By TERRY H. SCHWADRON August 26, 20215 (dcreport.org)
House Speaker Nancy Pelosi (AP)SHARE
Yes, the Speaker Got the First Votes She Needed on Biden’s Giant Infrastructure Plan, But It’s Far from a Done Deal
The preliminary win to advance President Biden’s huge social services spending bill is being depicted as a parliamentary victory for House Speaker Nancy Pelosi over a small group of would-be Democratic spoilers.
A day or more later, what looks more likely:
- While the specifics did show Pelosi’s legislative skill, the important, if narrow, victory here is for an aggressive agenda to help a lot of people – despite unanimous objection from Republicans. There is way too much focus on the mechanics involved.
- The same things that prompted a fissure between “progressives” and a group of nine “moderates” among Democrats did not disappear, and we will see them resurface as the bill itself gets real. The full expectation is that the final spending number will be less than $3.5 trillion first described to ensure that there are the votes for even one-party passage.
This highlights our American obsession with winning rather than focusing on the basics.
As The New York Times summarized, “For now, the deal that Ms. Pelosi struck amounted to a precarious détente for Democrats that did nothing to resolve tensions between the moderate and liberal flanks or end the jockeying for political leverage.”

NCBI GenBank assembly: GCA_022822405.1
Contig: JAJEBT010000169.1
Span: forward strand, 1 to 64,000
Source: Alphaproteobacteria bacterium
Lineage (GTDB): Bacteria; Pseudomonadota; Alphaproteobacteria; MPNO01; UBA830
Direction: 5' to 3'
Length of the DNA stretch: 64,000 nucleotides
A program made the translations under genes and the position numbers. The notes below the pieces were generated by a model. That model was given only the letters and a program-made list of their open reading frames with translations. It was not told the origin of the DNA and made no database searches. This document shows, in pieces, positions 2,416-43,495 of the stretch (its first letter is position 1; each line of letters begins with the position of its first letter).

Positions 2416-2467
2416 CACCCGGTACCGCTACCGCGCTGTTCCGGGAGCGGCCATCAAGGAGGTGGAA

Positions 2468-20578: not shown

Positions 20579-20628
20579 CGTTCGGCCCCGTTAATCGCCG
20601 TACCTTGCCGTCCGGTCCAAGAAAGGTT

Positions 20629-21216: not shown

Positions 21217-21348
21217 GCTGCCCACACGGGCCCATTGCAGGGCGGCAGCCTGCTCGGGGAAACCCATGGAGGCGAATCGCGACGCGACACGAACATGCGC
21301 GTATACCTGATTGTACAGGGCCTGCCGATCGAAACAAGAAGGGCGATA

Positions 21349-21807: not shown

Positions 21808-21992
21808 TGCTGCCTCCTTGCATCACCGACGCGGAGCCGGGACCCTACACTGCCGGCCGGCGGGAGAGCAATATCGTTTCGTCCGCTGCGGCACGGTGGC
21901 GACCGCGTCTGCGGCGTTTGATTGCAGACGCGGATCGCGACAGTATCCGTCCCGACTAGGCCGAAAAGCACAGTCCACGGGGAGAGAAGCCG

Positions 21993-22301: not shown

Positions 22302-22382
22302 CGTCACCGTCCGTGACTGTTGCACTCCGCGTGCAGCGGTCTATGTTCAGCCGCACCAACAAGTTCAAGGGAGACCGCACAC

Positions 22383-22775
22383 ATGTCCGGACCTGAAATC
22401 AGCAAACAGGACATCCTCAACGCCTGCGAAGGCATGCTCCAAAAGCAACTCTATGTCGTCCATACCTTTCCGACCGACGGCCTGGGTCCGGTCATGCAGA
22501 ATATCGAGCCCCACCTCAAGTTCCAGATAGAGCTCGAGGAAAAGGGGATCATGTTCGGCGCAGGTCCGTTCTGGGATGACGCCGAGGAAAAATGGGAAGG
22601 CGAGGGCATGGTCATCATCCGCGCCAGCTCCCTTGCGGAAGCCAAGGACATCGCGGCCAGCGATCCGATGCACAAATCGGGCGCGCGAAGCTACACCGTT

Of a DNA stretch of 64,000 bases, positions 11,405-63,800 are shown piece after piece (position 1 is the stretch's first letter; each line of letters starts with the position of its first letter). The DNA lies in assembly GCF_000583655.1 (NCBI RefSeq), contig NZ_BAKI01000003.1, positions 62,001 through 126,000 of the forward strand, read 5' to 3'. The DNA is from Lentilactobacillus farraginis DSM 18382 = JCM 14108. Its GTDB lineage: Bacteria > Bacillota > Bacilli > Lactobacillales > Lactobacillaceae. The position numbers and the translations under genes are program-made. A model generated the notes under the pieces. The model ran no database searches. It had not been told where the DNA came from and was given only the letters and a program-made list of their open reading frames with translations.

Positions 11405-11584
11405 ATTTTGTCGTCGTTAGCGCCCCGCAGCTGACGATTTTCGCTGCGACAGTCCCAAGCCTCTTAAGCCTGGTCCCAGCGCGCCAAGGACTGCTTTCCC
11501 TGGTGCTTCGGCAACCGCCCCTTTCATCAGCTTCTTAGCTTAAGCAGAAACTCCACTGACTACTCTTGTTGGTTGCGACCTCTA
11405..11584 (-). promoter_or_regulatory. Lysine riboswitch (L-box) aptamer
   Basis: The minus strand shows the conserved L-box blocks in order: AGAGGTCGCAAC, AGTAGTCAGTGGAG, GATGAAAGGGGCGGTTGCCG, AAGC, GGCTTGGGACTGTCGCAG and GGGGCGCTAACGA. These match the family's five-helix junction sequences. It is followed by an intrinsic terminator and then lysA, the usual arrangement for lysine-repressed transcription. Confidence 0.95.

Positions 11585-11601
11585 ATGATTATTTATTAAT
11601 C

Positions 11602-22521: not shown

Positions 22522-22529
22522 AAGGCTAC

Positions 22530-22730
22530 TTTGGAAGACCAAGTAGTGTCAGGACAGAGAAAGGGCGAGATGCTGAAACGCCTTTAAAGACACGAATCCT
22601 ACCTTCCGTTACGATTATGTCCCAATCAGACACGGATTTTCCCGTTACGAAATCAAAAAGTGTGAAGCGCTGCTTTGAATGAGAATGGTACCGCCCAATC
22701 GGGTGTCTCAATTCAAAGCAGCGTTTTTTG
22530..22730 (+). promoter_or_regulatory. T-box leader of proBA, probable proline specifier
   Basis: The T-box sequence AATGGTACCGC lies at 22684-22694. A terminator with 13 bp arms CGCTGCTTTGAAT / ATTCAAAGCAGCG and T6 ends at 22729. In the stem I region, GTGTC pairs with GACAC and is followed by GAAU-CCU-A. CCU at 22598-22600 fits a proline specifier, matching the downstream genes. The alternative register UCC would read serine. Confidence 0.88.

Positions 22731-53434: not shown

It’s an important distinction because there is no bill yet for infrastructure spending—small, medium or huge—in place yet. And, other than general support for the substance over the timing of votes, there are lots of ways that this discussion about investing in our next 10 years still can go south.
As it stands, this contested vote essentially only lays the groundwork for Democrats to force through both a $1 trillion bill to fix roads, bridges, airports and a lot of rural broadband wiring and the three-times larger bill to address spending on “human infrastructure.” Included would be an array of improvements to universal pre-K education, health and prescription drug access and pricing, expanded Medicare coverage, child-care tax write-offs, paid leave and tax increases for the wealthy and corporations.
It’s an important step, of course, but what we should remember is that Pelosi was forced to deal with a handful of “moderates” who basically don’t support the full package.
What Pelosi Did
In case you were living your life and managed to avoid worrying about Congress, the group of nine moderates wanted an immediate vote on the already Senate-passed bipartisan hard infrastructure bill. Pelosi wanted to twin the two spending packages. What happened was, according to a variety of press reports and congressional statements, extended legislative negotiation.
Pelosi’s particular way out was to link all the spending under a singular rule vote that would set a Sept. 27 deadline for a vote on the roads bill, setting up the possibility for House committees to vet the social services programs and price them for a simultaneous vote. She won the day, but, obviously, there’s not a lot of time to assess both the actual cost of these sprawling programs and to ensure the politics for passage.